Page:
Former member of the BH Army Security Service confirms he knew that the El Mujahid Detachment prohibited the BH Army troops to visit the prisoners they held in their camp. The defense points to opposite examples, claiming that reports of the military security service often contained ‘mere rumors’
From late March to mid-August 1995, Ekrem Halihodzic was assistant commander of the BH Army 3rd Corps for security. Testifying at the trial of General Rasim Delic, he confirmed that in July 1995 he learned from the reports of subordinate security services that the El Mujahid Detachment held prisoners of war in their prison and that ‘some members of the Detachment’ did not allow the BH Army 3rd Corps security service to visit the prisoners.
On the basis of the documents the prosecution showed to the witness, he confirmed that information of this kind was forwarded to the Security Administration in the General Staff. He couldn’t say with certainty whether those reports were then sent to the Administration headquarters in Sarajevo or to the forward command post in Kakanj. ‘I wouldn’t want to sin, against myself or anyone in this court’, he said.
In the cross-examination, the defense tried to prove that the crimes blamed on the El Mujahid Detachment were in fact committed by the members of other Arab formations operating in that area. Some of the documents sent to the Security Administration talked about the Mujahideen incidents note that those incidents ‘should not be discussed outside of the service’. The witness couldn’t tell who added those instructions.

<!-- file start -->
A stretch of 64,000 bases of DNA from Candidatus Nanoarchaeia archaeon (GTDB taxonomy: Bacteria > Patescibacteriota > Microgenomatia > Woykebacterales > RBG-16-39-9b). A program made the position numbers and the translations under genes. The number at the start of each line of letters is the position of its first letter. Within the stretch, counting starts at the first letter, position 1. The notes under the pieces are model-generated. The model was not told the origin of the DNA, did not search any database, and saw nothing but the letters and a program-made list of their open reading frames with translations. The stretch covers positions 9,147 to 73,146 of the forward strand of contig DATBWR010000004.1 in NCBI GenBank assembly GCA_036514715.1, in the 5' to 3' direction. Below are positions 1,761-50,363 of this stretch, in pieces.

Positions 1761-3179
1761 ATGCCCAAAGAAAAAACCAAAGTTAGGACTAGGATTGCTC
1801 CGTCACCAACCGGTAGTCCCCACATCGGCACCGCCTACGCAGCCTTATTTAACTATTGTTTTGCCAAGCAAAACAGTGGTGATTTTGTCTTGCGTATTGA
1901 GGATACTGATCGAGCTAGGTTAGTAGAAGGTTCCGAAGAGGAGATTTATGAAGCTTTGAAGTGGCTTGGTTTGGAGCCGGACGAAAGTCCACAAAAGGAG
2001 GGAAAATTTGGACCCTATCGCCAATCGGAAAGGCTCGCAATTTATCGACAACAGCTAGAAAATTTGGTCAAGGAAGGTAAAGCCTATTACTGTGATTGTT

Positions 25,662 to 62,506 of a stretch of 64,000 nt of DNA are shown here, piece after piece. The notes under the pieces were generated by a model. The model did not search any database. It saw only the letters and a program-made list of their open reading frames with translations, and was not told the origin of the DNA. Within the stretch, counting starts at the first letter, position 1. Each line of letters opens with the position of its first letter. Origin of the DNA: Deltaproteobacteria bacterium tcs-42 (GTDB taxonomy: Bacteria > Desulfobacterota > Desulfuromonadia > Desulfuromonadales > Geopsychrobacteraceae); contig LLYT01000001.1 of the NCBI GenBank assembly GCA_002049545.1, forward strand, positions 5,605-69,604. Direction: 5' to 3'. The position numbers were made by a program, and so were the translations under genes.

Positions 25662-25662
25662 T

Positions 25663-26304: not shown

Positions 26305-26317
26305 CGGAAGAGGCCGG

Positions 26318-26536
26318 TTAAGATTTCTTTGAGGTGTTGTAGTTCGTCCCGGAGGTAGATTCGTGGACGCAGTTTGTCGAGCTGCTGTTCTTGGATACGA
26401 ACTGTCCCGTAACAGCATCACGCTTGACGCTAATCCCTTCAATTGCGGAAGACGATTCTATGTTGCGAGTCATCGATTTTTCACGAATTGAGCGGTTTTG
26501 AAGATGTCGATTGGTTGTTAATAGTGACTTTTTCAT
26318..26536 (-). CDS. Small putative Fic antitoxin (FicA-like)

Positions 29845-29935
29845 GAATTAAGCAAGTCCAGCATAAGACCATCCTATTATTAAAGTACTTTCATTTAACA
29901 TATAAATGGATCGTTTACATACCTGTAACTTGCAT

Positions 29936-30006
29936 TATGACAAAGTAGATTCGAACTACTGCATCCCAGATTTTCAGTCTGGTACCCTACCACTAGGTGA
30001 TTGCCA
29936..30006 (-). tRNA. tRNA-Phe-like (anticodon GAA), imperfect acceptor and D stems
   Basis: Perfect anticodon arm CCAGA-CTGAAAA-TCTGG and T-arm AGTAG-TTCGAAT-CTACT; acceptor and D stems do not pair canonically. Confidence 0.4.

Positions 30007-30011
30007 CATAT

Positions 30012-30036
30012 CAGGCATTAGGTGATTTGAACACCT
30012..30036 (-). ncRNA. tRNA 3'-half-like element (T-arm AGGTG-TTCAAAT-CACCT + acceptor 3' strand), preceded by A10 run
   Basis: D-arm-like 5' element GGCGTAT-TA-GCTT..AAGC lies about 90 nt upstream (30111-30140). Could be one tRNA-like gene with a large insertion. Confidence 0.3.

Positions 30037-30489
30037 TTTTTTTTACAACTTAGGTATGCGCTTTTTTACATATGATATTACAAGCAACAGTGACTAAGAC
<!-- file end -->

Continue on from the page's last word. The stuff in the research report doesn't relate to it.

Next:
The witness was then shown the document saying that the military security service members interviewed prisoners of war held in the prisons of the El Mujahid Detachment several times and informed the Security Administration accordingly.
One of the documents shown in court describes an incident when an unnamed member of the El Mujahid Detachment came to the 35th Division command, called a BH Army soldier by name and threatened ‘to slaughter’ him because he was Croat. According to the defense, this incident gave rise to a rumor that the members of this detachment wanted to ‘kill all Croatian and Serbian’ members of the BH Army. This explained how this information found its way into one of the documents sent to superior services.
The witness agreed that the description of the incident as it was reported to the superior command had been completely altered. When Vasvija Vidovic, Delic’s defense counsel asked him to comment on the fact that ‘mere rumors’ often found their way into reports sent to the security service, the witness replied, ‘the whole war broke out because of the rumors’.